Many within the GOP establishment — including Louisiana Governor Bobby Jindal and Kentucky Senator Rand Paul — are finally waking up to an inconvenient truth. Namely, this election cycle is a season for outsiders. As Donald Trump, Carly Fiorina, and Ben Carson surge in the polls, certain candidates who enjoyed mass quantities of encouragement and support from the Republican old guard are falling by the wayside with increasing speed, like Texas Governor Rick Perry, who many Republicans viewed as a shoo-in for the nomination and who suspended his campaign two weeks ago. Wisconsin Governor Scott Walker, a favorite among social conservatives, followed suit a short time later, calling on his fellow republicans to band together and take frontrunner Donald Trump out of contention for the good of the party.
Politico cites "GOP insiders" who indicate that Bobby Jindal will withdraw from the quest to secure the Republican nomination in the near future. The politically-oriented site quoted one Iowa Republican source who said that Jindal "has nothing going on" in that crucial primary state. Another source stated that Jindal's recent attacks on Donald Trump have made him appear desperate. For his part, Donald Trump has barely even acknowledged that Jindal is part of the race, recently brushing off the Louisiana governor's critiques with the cold retort: "I don't respond to people with one percent support."
Jindal's campaign was, at one time, highly anticipated by many Republicans, but he has consistently failed to garner much attention since his lackluster entrance into the race. Indeed, while Jindal tried to woo a family-values-oriented base with a video of him telling his kids that he had decided to run, the underwhelmed response of his kids almost seemed like a preview of the malaise that would follow the Louisiana Governor on the trail.
Bobby Jindal responded to the Politico report through his staff, who dismissed assertions that he will quit the race as "B.S."
Republicans in New Hampshire, another important proving ground for candidates, are skeptical of Rand Paul's ability to go the distance, as well. One GOP insider told Politico that the Republican Party in Paul's home state of Kentucky will soon begin pressuring the candidate to shift his focus from the presidential race to a reelection campaign for his Senatorial seat. Another GOP source leveled harsh criticism against Rand Paul for his performance in the presidential campaign thus far.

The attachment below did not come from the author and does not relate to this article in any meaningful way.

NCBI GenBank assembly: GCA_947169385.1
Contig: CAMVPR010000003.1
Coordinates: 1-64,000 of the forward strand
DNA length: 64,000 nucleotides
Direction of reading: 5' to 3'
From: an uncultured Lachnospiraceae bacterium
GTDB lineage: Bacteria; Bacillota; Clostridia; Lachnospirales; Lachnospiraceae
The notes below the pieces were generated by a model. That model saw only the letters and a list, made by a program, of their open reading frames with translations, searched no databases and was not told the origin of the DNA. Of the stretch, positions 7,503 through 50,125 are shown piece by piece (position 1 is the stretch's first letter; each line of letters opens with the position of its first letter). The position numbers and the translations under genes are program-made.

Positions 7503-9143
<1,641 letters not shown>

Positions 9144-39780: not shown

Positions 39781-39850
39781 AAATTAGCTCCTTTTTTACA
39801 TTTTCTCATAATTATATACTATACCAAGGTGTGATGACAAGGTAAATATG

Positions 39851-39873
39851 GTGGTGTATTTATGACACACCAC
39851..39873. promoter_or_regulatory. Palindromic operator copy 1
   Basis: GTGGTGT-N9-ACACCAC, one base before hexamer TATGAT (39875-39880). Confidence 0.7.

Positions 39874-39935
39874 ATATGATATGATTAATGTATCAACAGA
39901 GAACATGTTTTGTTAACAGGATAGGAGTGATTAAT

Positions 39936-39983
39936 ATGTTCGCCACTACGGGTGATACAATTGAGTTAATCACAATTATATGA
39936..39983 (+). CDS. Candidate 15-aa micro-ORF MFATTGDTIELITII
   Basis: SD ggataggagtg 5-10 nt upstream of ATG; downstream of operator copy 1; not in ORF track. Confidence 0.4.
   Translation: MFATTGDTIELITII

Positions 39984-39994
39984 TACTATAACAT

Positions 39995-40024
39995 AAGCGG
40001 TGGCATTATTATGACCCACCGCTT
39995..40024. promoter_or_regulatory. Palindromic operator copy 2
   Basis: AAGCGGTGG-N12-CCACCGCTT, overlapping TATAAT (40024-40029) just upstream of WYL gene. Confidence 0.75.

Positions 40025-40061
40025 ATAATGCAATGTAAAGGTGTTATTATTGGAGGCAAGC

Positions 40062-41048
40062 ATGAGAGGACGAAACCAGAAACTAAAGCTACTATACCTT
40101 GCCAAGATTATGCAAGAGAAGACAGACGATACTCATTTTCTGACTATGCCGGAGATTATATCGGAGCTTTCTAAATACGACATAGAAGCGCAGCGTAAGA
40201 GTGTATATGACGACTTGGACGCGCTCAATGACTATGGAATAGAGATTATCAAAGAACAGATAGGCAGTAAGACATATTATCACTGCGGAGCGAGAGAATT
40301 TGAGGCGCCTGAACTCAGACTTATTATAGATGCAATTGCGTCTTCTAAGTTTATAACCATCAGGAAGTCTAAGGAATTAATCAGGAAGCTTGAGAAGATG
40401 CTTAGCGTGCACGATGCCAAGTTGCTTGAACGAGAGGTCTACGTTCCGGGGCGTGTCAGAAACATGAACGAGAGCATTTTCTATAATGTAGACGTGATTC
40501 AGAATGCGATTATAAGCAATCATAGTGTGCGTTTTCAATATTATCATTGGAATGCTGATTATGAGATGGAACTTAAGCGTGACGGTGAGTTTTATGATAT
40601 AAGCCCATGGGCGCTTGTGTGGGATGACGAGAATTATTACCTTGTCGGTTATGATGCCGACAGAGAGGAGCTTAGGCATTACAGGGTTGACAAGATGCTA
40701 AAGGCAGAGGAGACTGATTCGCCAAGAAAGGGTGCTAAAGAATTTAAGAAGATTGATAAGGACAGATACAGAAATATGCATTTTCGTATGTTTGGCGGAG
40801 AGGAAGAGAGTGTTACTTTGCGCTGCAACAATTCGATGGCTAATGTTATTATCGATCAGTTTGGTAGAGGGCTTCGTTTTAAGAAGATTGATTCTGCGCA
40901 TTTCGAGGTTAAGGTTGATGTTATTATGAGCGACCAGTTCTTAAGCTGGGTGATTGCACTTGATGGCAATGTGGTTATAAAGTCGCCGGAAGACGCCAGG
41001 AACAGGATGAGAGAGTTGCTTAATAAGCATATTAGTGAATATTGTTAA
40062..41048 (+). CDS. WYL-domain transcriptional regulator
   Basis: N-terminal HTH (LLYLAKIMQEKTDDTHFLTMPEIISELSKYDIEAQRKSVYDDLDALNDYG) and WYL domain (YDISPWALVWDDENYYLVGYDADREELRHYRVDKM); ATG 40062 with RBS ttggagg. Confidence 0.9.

"Paul's making no traction in the polls, and he's the only one who also faces re-election next year in a race that could unnecessarily complicate our Party's chances of holding the Senate majority... His dad came in second to Romney in the New Hampshire primary in 2012, but so far, Rand has shown no ability to win over those same supporters, or harness that same energy or get those same liberty-minded wing of the party behind his candidacy."Rand Paul has also taken on Trump via public comments, but he emerged from those exchanges without much to show for his efforts. At the second GOP debate, Donald Trump even took the fight directly to Rand Paul, attacking him right off the bat by saying that Paul didn't even belong on the same stage as the other candidates. Political commentators, including Cenk Uygur of The Young Turks, noted that Rand Paul had a hard time recovering from Donald Trump's opening salvo.
Quoting Politico, International Business Times noted that former New York Governor George Pataki is likely to withdraw from the race in the coming weeks, joining Bobby Jindal and Rand Paul on the sidelines. IBT cited polling data indicating that Paul is currently at three percent, while Jindal and Pataki have zero percent support amongst GOP voters.
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